Set mainly in the September of 1940 as the Blitz was getting into its stride and the Dunkirk evacuations were being undertaken by the valient little ships, this latest tale in Connie Willis's stories about tbhe time travelling Oxford Historians takes us back to the darkest days of British history.

The book follows the tales of Michael Davies, who has managed to get a trip round various places of significance starting with Pearl Harbor on the 7th December 1941 but his plans are suddenly changed and he's told his first stop over will be Dover where he is to observe the locals' response to the Dunkirk evacuations. Also back in this volatile time period are Merope Ward, who is acting as a servant in a house in the country that has accepted a number of London evacuees, and Polly Churchill, who has taken a job as a shop girl to observe the Blitz and its effects on the locals.

But the individuals' problems only mount once they are sent back into the past. With the time devices only able to open outside an area of significance and while no local is around to see it, Michael finds himself miles away from Dover and when he goes exploring he returns to where his gate had opened, he found that an anti acraft battery had been set up right up on top of it, so it would be a while before he is going home from there...

Merope hoped her time as a servant would soon be up but the evacuees managed to catch a seriously contagious disease leaving her stranded after the quarantine had been raised.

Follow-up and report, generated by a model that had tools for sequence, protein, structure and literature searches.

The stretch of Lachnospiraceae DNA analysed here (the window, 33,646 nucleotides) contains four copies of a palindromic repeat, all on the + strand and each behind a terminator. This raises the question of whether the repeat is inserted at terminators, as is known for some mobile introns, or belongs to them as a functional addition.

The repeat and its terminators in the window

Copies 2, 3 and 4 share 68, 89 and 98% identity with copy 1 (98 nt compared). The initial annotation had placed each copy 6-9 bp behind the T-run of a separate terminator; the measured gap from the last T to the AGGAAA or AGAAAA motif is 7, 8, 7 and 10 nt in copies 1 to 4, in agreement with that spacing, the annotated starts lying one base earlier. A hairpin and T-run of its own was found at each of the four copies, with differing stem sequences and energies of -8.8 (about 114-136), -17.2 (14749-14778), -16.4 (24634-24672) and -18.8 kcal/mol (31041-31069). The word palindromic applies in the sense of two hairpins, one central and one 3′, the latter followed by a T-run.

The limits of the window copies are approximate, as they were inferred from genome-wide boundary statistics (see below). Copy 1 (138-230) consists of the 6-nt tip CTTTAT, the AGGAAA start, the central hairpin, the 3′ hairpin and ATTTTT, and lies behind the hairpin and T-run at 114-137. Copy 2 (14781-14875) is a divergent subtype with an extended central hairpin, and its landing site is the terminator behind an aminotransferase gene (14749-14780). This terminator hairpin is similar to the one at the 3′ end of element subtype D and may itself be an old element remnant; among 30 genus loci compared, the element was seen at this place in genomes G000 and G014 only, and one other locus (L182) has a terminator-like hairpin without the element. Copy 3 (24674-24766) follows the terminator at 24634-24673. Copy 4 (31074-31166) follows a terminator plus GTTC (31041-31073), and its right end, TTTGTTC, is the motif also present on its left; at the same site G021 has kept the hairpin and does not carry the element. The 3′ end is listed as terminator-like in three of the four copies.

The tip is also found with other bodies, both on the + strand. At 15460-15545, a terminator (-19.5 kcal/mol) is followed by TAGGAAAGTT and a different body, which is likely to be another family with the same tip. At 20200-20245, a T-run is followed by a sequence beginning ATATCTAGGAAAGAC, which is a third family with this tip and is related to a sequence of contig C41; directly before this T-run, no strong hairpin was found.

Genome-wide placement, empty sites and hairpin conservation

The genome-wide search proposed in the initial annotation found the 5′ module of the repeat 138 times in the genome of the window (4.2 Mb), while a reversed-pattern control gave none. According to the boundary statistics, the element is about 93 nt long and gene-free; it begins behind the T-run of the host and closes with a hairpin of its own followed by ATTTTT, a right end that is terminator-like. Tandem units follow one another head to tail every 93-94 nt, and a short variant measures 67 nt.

Polly, in London during the opening nights of the Blitz, finds that something had affected her time gate - surely not the bomb that had destroyed the surrounding buildings?

Soon all three realise that they won't be getting back to Oxford any time soon and they make their way to London to try and meet up.

Given the setting this is not a particular funny book but even though the situation is grim in general and for our castaway characters in particular, Connie manages to introduce a degree of humour into the situations particularly where the contemps and the travellers are interacting; the travellers barely being able to see why the contemps are being so calm under the threats they are facing, and of course there's always that little problem that time travel always brings up; the past is a different country - they do things differently there. Despite the overal sense of despair that lies behind the story there is a degree of humour and it is in this interaction of the travelling historians and the contemps, especially as the historians begin to see behind the facade of apparent calm and the strange impression the historians make on the locals.

There are a couple of relatively minor gaffes; there is mention made of the Jubilee Underground Line, which would have been impossible to have travelled on back then as it was built for the current queen's 25th Jubilee back in 1977 and the image on the front of the American edition has Allied bombers apparently overflying Saint Paul's - there were some serious mistakes in targetting but none quite that bad...

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